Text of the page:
Thomas CONSTABLE of Great Grimsby

Born: ABT 1506, Nuneaton, Warwickshire, England

Died: 1558 or later

Father: Robert CONSTABLE of Nuneaton (Sir Knight)

Mother: Jane INGLEBY

Married 1: Barbara CATHERALL ABT 1536




Married 2: Dau. HOLDENBY ABT 1539




The details in this biography come from the History of Parliament, a biographical dictionary of Members of the House of Commons.

Member of Parliament for Great Grimsby Nov 1554, 1555. Born by 1500, second son of Sir Robert Constable, and brother of Sir Marmaduke of Nuneaton. Married first, Barbara, daughter and heir of one Catherall of Great Grimsby, Lincs., and had 1 son and 1 daughter; married second, a daughter of Robert Holdenby of Holdenby, Yorks., and had 1 son and 1 daughter.

Thomas Constable is first heard of in 1534, when he was wounded in an affray at York assizes arising from the long-standing feud between his father and his uncle Sir William Percy. Two years later Sir Robert Constable's part in the Pilgrimage of Grace led to his attainder and execution. Like his elder brother Marmaduke, Constable came through unscathed but without his share in the forfeited patrimony, although in 1540 inquiries were made into his father's gift of a manor to him and his younger brother William and in 1546 their title to lands in Lincolnshire was again under review. By that time, however, his fortunes had probably been revived by his marriage to a Grimsby heiress: in Aug 1544 he was one of a 32-man consortium which paid 2,136 pounds for monastic lands in Lincolnshire and Yorkshire. When in 1549 there was a threat of rebellion in Yorkshire, Constable manifested his loyalty by pursuing and capturing the ringleader.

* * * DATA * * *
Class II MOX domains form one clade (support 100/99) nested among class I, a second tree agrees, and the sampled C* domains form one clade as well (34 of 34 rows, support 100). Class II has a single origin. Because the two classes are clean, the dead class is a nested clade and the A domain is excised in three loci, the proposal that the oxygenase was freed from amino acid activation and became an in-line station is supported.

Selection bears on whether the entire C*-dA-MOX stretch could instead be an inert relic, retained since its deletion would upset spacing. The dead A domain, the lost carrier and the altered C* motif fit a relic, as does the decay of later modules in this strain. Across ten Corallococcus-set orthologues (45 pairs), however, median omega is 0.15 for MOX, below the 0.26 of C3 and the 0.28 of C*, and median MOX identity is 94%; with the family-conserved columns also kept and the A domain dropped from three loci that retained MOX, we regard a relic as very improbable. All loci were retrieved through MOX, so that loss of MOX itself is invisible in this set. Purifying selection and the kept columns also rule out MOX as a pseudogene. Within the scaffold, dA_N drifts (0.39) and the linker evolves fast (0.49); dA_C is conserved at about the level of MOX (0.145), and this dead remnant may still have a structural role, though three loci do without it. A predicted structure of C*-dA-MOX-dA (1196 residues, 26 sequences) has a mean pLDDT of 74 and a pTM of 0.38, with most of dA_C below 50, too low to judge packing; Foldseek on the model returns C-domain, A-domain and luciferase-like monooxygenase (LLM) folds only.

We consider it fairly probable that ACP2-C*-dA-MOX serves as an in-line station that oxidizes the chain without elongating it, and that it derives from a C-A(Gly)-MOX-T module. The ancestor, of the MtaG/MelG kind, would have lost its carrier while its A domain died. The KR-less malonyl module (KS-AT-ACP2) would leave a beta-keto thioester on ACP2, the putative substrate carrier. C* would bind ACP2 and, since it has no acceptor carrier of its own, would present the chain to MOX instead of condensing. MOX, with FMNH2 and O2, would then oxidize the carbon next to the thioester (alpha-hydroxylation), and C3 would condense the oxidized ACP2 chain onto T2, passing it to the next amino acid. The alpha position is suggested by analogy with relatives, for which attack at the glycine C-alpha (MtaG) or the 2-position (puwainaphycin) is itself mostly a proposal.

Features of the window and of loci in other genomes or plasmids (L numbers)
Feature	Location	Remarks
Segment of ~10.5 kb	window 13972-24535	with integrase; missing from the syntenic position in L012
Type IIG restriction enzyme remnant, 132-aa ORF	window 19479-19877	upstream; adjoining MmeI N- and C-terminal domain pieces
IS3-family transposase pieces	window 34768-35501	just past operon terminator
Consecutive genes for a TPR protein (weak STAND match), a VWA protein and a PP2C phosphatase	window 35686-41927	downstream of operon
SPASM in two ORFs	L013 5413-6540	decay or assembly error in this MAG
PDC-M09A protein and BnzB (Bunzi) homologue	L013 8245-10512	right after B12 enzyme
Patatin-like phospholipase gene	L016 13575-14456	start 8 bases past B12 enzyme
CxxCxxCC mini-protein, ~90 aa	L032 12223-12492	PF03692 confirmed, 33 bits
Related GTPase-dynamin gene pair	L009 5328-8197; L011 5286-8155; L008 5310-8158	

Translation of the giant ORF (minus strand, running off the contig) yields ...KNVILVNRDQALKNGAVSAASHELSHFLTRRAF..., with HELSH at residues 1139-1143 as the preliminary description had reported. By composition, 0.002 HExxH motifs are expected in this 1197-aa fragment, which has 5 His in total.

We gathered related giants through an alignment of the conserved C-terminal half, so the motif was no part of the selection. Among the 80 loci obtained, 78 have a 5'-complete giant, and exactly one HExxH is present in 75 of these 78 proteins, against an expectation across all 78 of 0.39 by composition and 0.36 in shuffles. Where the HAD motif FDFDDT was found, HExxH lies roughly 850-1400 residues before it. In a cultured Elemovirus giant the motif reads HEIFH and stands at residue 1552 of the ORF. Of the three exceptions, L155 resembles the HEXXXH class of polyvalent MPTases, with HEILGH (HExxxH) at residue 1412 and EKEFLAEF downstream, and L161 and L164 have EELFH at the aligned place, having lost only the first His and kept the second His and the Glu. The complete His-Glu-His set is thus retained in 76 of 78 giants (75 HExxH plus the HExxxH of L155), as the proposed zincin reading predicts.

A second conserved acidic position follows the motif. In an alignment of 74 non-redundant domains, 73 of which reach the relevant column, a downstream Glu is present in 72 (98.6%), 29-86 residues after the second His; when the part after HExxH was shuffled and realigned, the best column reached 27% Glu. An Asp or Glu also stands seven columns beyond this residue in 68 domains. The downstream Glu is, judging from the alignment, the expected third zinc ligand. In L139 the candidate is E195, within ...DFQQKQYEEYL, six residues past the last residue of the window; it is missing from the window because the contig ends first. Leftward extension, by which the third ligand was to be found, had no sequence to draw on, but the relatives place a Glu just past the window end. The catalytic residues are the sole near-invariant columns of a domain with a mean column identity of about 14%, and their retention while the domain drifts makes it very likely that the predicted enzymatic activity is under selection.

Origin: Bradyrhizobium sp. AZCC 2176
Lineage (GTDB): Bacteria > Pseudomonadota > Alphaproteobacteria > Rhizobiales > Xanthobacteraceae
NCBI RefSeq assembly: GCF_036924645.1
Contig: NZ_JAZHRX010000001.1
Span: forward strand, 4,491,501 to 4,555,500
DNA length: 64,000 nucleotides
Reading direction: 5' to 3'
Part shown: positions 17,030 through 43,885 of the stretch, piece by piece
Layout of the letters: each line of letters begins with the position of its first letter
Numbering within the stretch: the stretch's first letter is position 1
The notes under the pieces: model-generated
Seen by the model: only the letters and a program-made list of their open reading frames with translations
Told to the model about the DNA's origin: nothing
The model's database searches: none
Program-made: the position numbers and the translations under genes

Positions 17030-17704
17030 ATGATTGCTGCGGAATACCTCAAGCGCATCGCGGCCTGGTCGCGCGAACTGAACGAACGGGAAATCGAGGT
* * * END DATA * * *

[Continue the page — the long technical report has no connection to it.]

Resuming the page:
Constable was associated with Grimsby from at least 1545, when he was appointed an arbitrator to settle a local dispute in the mayor's court. It was doubtless his municipal standing which secured his election for the borough to two of Mary's Parliaments, but this was probably reinforced by his relationship with Henry Neville, 5th Earl of Westmoreland, who married Constable's niece Jane in or after 1549. He was also related to the Earls of Rutland, who had considerable Lincolnshire property, and in 1542 he had witnessed the will of Thomas Manners, 1 E. Rutland. As a Member of the Parliament of Nov 1554 Constable was one of those informed against in the King's bench in Easter term 1555 for withdrawing without leave before the dissolution. He failed to appear, even though he attended the next Parliament towards the close of that year, and was distrained 12 times before the case lapsed with the death of the Queen. He did not join the opposition to one of the government's bills in the Parliament of 1555.

The final distraint of Michaelmas 1558 is the last reference which has been found to Constable, who may thus have died at about that time, perhaps of the epidemic disease then abroad.

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